Yes, we all know that there are software pirates out there, ranging from kids with their warez sites to full-blown Internet criminals who earn their bread selling counterfeit products. We know it’s wrong, but most people are basically honest and they aren’t stealing from Microsoft, even if they don’t really like the company.
So why penalize honest people with these ill-thought intrusions? Worse, what happens if the WGA servers are offline when they are contacted, just as occurred very recently? Do the people whose software phones home at the wrong time find, say, Windows Vista shedding its most obnoxious features until it can be properly reactivated?
Well, maybe not having Aero eye-candy is a good thing, as it’s apt to speed up Vista’s tepid performance tremendously. In passing, isn’t it interesting that the best some people could say about Vista benchmarking is that its performance hits are usually not severe, unless, of course, you enable Aero on a note-book.
But, as I said, this isn’t a Windows bashing party so much as it’s an attack on Microsoft’s corporate foolishness. Not only do you have to allow WGA to run, it is required for you to receive so-called “critical” updates from Microsoft for Windows and other products, such as security patches.
Indeed, Windows XP users who wanted to upgrade to the more secure Internet Explorer 7 browser were also forced to install WGA first.
Now I’m not about to tell Microsoft how to run its business. Its amazing success is considered by some financial pundits to be an example of the true realization of the American dream. But Microsoft is treating its customers more and more these days as the enemy. They are making the very same mistake as the RIAA with its ill-advised lawsuits to fight music piracy.
In its efforts to control counterfeit software, Microsoft has simply abandoned good sense. Even if you have succeeded in taming Windows to perform adequately for your home or business, the specter of that WGA spyware attack ought to be more than sufficient to convince you to seek out other options.
Of course, I’d prefer that option to be a Mac. But I have no problem with Linux, which is used to run our Web server.
As far as Microsoft is concerned, the road to hell is once again paved with good intentions.
Just the other day, I journeyed into the neighborhood Radio Shack store in search of an AC plug adapter that my son, Grayson, could use so he could recharge his PowerBook during his forthcoming four-month semester in Spain.
Now, although Grayson has his own apartment — or at least one he shares with two other students — he remains close to his parents. So we do want to communicate with him at least occasionally while he is overseas.
However, his most important option, his wireless phone, won’t be of use. Because it has the reputation of providing the best service and the most reliable network, I have been using Verizon Wireless for the past several years, specifically one of their family share plans. However, Verizon’s network, CDMA, is incompatible with the GSM system used in most of Europe.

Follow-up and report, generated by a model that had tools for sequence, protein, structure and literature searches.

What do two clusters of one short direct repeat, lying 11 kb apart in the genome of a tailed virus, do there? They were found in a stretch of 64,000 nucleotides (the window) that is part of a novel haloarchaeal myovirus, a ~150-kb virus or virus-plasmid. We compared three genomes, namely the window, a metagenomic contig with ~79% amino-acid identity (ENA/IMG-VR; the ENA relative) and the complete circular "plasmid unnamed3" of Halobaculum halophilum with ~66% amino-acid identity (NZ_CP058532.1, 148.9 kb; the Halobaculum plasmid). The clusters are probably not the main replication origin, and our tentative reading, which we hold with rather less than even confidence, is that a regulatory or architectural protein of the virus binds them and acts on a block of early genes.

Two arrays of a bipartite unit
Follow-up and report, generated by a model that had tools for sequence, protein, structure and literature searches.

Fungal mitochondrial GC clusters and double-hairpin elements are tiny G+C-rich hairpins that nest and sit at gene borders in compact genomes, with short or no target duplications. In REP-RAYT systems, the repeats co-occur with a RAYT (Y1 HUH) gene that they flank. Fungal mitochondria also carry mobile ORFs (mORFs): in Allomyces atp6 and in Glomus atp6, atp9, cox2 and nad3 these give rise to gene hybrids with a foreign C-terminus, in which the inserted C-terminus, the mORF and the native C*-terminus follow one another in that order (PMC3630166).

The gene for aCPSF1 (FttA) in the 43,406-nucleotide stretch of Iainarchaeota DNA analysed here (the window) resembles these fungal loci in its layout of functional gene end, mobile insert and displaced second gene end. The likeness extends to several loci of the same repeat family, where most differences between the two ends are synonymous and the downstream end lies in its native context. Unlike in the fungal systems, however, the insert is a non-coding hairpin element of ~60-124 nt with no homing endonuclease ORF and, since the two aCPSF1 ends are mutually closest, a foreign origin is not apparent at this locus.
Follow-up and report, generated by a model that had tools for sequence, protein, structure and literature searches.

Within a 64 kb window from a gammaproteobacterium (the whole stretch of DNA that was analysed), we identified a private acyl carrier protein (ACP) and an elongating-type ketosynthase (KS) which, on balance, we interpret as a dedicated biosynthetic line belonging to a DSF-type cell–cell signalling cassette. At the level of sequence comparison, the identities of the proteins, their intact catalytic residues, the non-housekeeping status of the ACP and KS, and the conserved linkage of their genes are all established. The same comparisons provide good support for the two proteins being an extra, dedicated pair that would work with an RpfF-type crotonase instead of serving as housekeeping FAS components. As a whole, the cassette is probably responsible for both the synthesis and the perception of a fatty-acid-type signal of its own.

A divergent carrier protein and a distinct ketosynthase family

They do have options, but ones not terribly sensible. You can, for example, rent a world phone for $3.99 a day ($50 deposit) and then pay $1.49 per minute for all calls. Talk about a total rip-off!
In retrospect, maybe I should have looked towards a world phone, with AT&T or T-Mobile, but even then, overseas roaming would be costly. Lest you forget, even the iPhone — though recently unlocked by a teen-aged cracker — isn’t officially available outside the USA yet.
So Grayson is leaving his wireless phone here, and I have upgraded my VoIP plan to include free calls to Europe, which will at least take care of the outgoing connections. He says he’ll check on a wireless phone once he arrives at his temporary home with a Spanish family — part of a sort of student exchange program — but I don’t expect the price will make sense.
Of course, there’s always Skype, so long as he has his PowerBook in hand along with a reliable Internet connection — or can commandeer one from a fellow student temporarily. Since I’m online virtually all the time nowadays, as is he when he’s not in class or working, this should make it possible for regular family conversations.
Then, of course, there’s email.
In the end, this situation will work out just fine. Grayson is a brilliant young man. He is fluent in Spanish and has traveled around on his own enough to understand the pitfalls of being a stranger in a strange land. Despite all our concerns, he’ll come along just fine and dandy, ready for the big welcome home in December.
Meantime, I have to wonder about the way the mobile phone system was established in the U.S. In the misguided efforts to foster competition, we have wireless phones that cannot talk to each other and, without special software treatment, are usually tethered to a single carrier.
With billions of dollars invested in sprawling network infrastructures, it’s far too late to change the confusing situation. The carriers prefer it that way, because it gives customers fewer choices if they decide to take their business elsewhere.
As with that tragic Microsoft WGA system, only the customers suffer in the end.
THE FINAL WORD